Living with other people provides many of life's joys, but the sounds created by your partner or family members can become a nuisance if you are trying to accomplish something elsewhere in the house. Many modern homes are poorly insulated against sound pollution, and many people do not realize how sound waves travel through a space. Together with a glowing report from a home inspection company, a soundproofed home will communicate a sense of structural solidity to potential homebuyers and make your life more enjoyable. Rather than suffering whenever your housemates pick up a guitar or turn up the television, consider some of the following tips to dampen sounds in your home:
What leads to a noisy home?
To understand effective soundproofing techniques, it's necessary to consider how sound is transmitted. Air particles physically transmit sound waves, and the waves can bounce off of hard or flat surfaces, which makes it possible for sound to easily travel around corners.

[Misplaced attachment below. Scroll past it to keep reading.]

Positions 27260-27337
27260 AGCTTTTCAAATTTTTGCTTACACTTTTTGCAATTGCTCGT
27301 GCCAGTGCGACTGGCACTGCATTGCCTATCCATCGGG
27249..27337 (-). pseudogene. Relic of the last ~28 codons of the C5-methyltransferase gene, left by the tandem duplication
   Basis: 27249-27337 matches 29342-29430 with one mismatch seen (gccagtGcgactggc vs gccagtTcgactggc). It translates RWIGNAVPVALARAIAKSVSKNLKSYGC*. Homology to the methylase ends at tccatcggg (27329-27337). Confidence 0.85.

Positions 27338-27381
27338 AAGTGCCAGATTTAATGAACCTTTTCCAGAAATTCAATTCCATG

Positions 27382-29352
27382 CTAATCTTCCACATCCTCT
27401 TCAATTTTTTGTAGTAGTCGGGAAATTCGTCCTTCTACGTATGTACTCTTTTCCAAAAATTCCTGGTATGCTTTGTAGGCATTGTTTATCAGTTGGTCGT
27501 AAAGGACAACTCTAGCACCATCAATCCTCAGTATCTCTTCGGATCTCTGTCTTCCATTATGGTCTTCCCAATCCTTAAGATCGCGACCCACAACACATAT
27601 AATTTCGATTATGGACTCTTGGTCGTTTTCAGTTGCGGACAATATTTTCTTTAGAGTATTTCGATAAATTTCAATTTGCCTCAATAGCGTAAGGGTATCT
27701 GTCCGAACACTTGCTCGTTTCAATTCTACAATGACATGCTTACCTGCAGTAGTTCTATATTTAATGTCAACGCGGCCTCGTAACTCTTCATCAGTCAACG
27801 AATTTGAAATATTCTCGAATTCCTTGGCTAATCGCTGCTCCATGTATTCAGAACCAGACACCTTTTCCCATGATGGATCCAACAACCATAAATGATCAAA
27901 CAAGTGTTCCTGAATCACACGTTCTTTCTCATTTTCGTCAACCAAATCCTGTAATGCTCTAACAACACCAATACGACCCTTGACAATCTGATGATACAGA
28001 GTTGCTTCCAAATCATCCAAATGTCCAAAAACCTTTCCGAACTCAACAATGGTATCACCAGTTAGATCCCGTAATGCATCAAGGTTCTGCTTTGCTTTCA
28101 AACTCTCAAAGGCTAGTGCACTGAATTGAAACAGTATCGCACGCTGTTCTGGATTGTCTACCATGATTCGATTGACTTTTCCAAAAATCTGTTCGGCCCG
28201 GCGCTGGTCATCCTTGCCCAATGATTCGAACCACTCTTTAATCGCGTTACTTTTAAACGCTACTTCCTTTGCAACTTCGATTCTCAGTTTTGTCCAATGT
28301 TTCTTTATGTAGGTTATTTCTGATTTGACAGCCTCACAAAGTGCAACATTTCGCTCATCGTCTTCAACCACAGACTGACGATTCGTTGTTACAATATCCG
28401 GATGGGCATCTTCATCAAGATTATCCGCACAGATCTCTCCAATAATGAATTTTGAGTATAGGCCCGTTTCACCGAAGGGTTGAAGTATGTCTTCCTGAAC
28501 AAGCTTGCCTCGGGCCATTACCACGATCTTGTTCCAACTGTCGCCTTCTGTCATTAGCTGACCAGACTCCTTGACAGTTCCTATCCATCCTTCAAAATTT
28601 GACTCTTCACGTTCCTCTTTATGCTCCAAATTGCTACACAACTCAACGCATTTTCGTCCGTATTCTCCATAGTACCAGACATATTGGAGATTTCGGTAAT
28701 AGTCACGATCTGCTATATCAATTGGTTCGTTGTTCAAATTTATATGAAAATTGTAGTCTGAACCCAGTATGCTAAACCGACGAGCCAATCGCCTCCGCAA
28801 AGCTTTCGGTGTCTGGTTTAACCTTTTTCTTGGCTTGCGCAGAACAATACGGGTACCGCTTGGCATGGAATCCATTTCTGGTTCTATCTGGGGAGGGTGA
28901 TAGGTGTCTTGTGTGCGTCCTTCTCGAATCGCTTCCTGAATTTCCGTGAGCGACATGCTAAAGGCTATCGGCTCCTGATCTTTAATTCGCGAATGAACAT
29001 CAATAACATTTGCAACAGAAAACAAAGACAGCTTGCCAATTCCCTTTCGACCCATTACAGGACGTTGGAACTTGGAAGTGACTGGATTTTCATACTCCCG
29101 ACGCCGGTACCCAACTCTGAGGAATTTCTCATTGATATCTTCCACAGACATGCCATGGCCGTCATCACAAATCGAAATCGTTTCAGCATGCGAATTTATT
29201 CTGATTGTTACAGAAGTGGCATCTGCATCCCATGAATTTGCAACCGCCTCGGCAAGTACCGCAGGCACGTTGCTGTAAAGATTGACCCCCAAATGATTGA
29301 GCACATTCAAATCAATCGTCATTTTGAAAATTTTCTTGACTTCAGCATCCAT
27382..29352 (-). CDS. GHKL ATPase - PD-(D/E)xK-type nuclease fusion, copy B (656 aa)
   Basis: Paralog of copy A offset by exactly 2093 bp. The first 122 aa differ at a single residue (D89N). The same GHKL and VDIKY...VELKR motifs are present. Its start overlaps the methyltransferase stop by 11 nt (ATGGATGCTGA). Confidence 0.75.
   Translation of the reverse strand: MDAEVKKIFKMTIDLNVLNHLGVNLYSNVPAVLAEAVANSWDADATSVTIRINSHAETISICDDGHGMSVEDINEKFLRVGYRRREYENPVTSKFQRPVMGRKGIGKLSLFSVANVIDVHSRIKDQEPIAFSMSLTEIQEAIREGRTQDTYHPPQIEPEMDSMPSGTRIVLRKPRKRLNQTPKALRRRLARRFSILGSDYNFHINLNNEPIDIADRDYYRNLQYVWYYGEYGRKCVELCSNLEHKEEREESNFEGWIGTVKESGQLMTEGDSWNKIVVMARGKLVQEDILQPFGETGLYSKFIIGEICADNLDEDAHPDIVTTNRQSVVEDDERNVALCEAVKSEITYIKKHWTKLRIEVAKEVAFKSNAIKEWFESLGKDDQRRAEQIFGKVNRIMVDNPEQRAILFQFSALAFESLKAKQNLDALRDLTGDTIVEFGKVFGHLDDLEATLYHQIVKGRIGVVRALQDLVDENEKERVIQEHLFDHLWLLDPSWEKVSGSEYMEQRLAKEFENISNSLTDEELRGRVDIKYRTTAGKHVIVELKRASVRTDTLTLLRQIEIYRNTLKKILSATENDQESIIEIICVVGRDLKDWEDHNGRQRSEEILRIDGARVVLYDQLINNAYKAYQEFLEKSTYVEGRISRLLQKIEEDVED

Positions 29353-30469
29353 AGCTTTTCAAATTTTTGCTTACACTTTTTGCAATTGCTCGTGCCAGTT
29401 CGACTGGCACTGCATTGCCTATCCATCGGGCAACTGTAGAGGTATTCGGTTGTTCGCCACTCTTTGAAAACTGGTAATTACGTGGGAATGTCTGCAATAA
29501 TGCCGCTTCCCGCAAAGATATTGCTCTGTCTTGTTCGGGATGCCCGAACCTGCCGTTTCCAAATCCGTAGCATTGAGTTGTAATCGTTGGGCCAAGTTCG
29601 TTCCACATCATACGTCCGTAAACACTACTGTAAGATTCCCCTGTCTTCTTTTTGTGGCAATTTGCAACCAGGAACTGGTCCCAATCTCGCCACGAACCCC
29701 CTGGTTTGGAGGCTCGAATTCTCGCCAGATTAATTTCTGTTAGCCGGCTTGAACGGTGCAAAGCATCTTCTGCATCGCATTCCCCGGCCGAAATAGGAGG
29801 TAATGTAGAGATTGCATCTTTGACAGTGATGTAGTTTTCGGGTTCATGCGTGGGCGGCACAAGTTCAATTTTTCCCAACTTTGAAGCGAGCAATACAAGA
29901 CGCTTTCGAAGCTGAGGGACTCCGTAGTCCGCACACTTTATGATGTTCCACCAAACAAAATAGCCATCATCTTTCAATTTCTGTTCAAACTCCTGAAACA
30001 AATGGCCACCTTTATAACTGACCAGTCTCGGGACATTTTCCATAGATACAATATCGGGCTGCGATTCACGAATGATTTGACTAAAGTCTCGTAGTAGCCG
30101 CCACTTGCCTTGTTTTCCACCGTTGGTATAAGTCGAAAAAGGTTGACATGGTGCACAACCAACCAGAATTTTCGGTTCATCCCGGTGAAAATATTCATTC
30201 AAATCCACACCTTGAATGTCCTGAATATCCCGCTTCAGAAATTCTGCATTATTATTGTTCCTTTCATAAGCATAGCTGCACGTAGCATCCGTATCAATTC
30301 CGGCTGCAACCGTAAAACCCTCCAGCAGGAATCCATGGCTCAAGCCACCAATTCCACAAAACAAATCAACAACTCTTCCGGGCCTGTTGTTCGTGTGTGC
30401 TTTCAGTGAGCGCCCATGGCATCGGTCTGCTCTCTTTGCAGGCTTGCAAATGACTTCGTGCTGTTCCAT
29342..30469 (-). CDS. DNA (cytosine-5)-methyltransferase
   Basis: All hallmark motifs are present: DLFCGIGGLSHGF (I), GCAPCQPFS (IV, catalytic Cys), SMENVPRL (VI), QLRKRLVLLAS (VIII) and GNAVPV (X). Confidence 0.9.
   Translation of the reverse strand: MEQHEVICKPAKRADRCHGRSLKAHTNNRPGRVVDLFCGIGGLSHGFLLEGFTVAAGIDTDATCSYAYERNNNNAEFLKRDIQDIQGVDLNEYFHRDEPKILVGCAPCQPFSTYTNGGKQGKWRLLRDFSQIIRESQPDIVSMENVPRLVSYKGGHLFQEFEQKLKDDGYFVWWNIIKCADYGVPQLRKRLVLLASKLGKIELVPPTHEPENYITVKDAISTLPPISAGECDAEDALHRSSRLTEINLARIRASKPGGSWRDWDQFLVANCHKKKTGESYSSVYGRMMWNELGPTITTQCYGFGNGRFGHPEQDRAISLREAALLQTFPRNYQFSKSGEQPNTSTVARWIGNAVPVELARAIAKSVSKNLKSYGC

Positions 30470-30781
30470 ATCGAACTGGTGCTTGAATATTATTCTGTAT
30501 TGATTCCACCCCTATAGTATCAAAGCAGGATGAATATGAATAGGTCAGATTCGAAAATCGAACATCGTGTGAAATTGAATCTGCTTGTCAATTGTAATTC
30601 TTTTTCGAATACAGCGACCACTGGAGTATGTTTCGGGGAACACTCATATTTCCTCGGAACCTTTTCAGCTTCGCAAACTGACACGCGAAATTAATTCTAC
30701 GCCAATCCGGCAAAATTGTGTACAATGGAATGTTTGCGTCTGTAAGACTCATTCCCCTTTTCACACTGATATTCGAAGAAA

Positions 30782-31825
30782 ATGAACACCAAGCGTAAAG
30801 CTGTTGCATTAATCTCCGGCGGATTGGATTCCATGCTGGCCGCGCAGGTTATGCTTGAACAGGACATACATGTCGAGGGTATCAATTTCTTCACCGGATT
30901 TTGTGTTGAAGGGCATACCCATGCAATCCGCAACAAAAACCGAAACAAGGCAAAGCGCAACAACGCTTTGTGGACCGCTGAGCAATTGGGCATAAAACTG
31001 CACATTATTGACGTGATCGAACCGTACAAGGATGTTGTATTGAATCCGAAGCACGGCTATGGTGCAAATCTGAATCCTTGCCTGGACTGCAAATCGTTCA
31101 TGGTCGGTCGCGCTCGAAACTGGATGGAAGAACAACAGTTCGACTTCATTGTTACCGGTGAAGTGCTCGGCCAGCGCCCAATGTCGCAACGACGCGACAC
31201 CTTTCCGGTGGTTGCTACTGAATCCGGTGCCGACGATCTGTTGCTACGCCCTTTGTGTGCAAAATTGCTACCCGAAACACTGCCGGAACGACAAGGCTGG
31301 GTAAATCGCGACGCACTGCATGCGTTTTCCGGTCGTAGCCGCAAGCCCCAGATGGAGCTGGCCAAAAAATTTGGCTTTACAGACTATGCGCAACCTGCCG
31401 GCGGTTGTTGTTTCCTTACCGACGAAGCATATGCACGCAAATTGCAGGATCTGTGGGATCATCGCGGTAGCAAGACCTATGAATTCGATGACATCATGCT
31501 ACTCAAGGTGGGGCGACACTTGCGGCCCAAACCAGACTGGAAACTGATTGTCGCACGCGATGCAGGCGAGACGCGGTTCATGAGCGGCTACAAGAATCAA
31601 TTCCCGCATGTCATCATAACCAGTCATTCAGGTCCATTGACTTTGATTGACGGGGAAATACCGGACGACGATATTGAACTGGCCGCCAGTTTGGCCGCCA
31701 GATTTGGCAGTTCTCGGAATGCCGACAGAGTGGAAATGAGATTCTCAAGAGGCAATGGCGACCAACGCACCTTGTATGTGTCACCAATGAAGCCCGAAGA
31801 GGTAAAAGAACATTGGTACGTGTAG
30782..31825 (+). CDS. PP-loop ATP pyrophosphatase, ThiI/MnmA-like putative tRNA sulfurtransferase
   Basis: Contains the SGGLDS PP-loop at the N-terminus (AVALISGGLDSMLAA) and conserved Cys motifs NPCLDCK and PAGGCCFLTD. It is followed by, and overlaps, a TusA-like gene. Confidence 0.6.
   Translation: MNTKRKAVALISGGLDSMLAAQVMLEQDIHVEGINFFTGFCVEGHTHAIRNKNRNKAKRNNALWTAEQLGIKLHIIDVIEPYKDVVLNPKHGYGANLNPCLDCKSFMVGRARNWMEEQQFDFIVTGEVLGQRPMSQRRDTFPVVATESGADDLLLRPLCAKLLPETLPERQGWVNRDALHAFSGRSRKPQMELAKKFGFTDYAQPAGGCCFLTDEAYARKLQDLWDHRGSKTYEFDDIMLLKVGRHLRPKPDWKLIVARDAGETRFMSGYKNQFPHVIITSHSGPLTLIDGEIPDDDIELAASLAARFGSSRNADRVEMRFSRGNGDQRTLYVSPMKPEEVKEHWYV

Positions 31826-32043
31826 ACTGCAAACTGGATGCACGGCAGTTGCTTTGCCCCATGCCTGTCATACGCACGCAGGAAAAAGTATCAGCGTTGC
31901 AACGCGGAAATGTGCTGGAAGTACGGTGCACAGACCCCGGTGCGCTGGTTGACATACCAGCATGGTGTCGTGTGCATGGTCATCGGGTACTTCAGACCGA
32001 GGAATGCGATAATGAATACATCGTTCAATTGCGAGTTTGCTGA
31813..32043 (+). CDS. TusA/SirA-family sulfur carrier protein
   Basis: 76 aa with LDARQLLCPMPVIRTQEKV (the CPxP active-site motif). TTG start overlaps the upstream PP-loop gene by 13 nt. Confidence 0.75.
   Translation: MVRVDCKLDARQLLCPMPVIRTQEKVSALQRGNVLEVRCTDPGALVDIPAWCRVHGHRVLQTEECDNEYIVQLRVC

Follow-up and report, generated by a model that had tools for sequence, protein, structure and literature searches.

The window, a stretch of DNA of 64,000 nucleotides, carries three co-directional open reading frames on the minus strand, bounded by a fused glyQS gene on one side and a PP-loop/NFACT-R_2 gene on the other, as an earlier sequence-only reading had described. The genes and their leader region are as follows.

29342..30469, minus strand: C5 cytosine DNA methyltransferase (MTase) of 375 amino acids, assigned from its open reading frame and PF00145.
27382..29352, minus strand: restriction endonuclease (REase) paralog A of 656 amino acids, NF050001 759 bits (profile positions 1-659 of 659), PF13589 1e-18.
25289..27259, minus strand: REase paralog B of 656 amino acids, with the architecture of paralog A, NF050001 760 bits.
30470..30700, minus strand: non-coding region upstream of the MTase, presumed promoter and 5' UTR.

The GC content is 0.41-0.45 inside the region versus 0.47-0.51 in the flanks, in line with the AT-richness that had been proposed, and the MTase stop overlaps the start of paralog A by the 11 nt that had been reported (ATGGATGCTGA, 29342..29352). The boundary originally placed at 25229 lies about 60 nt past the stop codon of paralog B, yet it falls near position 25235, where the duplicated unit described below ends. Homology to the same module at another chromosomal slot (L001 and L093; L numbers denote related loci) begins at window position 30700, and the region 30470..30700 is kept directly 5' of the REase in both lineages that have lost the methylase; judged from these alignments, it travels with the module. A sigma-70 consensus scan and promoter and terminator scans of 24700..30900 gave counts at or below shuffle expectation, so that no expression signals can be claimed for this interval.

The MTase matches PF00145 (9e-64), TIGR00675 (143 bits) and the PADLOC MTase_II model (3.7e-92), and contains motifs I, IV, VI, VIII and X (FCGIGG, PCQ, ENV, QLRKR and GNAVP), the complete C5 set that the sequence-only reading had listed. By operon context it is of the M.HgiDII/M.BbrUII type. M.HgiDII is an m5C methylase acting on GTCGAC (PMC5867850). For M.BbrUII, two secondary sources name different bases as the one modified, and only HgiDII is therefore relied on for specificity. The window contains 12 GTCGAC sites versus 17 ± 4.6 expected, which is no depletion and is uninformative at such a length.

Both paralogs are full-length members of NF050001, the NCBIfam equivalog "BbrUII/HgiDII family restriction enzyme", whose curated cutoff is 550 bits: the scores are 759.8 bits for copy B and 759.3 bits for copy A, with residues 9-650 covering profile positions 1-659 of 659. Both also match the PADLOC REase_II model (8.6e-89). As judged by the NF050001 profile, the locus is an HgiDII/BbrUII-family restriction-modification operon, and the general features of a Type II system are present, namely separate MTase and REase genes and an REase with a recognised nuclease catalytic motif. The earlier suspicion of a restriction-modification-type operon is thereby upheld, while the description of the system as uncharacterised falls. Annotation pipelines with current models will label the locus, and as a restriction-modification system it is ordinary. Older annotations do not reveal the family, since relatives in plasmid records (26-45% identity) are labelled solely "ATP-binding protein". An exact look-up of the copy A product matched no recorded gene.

With this in mind, it is easy to evaluate your home for acoustic issue. A room full of windows and framed pictures, for instance, will probably produce many echoes, and the sounds produced in that room will likely make their way elsewhere in the house. An echoing room presents two issues because it both amplifies sounds that travel through the house and makes it difficult to hear people during conversation. This leads people to yell, which can compound the first issue.
Furnish your home completely
It's a simple change, but filling rooms with furniture, bookshelves and other items can have a huge impact on how sound travels. If you're specifically looking to cut down on sound transmission, you'll want to focus on items that will absorb sound rather than reflecting it. This includes upholstered furniture, fabric wall hangings and even plants. Carpets and rugs are particularly useful because they stop sounds from bouncing off the floor.
Shut gaps between rooms
As you work to soundproof each individual room, you'll want to cut down on sound transmission between spaces as well. If you have a room that tends to be particularly noisy, consider weatherstripping the door even though it's inside. While you won't be keeping inclement weather out, you will eliminate the gap that lets sound creep around the door frame.
The same idea applies to windows that face the outdoors. A surprising amount of noise enters our homes from outside, and working to seal any window gaps will save money on your heating and cooling bills in addition to making for a quieter home.